7 Myths About Florida Personal Injury Claims


There are many misconceptions when it comes to personal injury claims in Florida. Some may be based on the general motivations of the attorney involved in the case, while others may be due to a misunderstanding of how the claims process works for those cases.

Today we will be discussing 7 Myths About Florida Personal Injury Claims to shed some light on the subject and help you determine if you have a case yourself.

1. Florida No-Fault Means You Are Not Responsible

No. Just because Florida is a no-fault state doesn’t mean you’re at fault in a traffic accident. All vehicles registered in the state must carry a $10,000 personal injury protection (PEP). This coverage extends to the insured, whoever is responsible for the accident.

This does not mean that the negligent party is no longer responsible for the accident. Keep in mind that $10,000 may not reduce medical costs in the event of a serious car accident resulting in significant injuries.

2. Your claim is only valid for four years

Yes, to some extent. The statute of limitations for automobile accidents in Florida is four years. However, some personal injury cases only have a two-year statute of limitations, including medical malpractice cases. There are also some situations where the time limit for filing the claim may be extended, but this is rare. The sooner you consult a lawyer and file your claim, the better.

3. You can collect damages even when you are at fault

Yes, to some extent. Florida follows what is called pure comparative fault. This means that each party involved in the accident is financially responsible for their percentage of fault. Even if you were 99% responsible for the accident, you could still collect the remaining 1%.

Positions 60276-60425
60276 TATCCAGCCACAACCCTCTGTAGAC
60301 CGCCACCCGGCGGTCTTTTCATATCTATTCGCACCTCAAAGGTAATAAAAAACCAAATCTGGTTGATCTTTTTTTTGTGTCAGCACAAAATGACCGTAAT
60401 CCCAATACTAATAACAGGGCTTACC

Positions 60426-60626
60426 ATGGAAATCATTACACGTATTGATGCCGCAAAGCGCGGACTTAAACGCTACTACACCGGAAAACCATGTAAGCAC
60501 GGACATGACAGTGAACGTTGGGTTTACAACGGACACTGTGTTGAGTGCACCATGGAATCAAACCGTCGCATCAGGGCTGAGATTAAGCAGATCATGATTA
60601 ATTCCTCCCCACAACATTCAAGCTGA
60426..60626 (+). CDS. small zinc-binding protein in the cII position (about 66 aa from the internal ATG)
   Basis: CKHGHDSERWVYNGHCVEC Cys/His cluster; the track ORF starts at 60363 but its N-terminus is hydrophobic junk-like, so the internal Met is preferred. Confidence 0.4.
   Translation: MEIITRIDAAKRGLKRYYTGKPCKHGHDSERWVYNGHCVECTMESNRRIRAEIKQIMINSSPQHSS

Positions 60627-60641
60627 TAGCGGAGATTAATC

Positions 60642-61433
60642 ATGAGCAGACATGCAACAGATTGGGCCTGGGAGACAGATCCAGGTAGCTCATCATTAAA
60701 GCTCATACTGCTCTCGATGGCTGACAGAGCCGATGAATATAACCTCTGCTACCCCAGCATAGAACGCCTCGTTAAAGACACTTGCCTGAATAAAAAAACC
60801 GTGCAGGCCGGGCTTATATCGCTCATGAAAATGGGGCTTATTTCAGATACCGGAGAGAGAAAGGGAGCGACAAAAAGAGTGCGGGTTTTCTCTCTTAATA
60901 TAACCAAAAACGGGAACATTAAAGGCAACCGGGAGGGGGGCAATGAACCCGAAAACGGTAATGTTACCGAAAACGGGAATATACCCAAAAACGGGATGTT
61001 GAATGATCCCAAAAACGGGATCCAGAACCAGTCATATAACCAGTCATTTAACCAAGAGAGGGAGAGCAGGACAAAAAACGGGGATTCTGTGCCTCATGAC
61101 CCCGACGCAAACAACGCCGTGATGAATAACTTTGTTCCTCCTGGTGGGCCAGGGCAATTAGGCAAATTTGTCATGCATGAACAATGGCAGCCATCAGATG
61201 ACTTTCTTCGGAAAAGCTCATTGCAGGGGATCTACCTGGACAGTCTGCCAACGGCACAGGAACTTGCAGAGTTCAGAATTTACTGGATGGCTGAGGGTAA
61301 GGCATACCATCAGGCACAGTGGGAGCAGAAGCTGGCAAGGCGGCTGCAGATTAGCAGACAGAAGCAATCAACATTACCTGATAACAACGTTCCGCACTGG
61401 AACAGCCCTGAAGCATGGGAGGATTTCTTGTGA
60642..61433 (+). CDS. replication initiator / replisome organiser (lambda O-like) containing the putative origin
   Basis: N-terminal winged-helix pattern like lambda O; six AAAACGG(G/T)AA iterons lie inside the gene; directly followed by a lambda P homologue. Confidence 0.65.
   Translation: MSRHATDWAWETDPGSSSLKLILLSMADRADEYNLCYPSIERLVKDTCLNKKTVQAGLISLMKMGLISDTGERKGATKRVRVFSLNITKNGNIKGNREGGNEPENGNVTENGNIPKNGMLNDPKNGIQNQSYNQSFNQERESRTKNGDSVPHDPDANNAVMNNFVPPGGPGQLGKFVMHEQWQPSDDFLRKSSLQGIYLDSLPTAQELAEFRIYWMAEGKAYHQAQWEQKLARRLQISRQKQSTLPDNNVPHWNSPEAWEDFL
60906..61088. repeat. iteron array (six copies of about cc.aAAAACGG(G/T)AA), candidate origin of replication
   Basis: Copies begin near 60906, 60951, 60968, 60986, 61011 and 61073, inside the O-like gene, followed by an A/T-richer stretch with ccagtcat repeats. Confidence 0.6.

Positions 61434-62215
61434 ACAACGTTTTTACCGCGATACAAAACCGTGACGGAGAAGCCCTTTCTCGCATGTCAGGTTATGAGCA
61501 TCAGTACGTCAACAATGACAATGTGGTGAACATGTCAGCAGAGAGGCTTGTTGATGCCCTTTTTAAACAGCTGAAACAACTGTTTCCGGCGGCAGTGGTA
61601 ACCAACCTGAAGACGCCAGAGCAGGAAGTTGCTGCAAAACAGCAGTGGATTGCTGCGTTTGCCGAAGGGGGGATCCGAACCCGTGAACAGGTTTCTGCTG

4. My insurance company will cover everything

No. It is unfortunately not true. People often trust their insurance company too much and then are shocked to find that they won’t cover what they thought they would. If you place too much trust in the insurance company covering your medical expenses and loss of income, you may waste too much time filing your claim.

5. Florida personal injury lawsuits are too expensive

Bad. Personal injury cases in Florida are generally handled on a contingency fee basis. This means that you are not paying your personal injury lawyer out of pocket, but rather out of your earnings. All the details and terms are explained to you in advance and given to you in writing.

A percentage of what you earn in your lawsuit is what the lawyer will take for his services. Initial consultations are also free, so thinking that personal injury cases are too expensive to file is the wrong mindset.

6. You can only take legal action when you are seriously injured.

Bad. This is another myth. You don’t have to be seriously injured to file a claim after an accident. Some cases fall under what are called serious injury thresholds, but this only applies to certain types of damage and in certain cases. You may be entitled to compensation even for minor injuries. Discuss your case with a qualified Sarasota personal injury attorney who can guide you through the process and ensure that you receive a fair settlement.

7. A lawsuit punishes the negligent person

Not necessarily. In most cases, the insurance company actually covers bodily injury claims. This applies to various personal injury cases, including car accidents, dog bites, and boating accidents.

If the negligent party does not have insurance or sufficient coverage to fully cover your claim, you may be able to pursue the claim with your own insurance company. You must first try to go through the other person’s insurance.

As you can see, there are many myths and truths to uncover when it comes to personal injury cases in Florida. If you still have questions, do not hesitate to contact an experienced lawyer.

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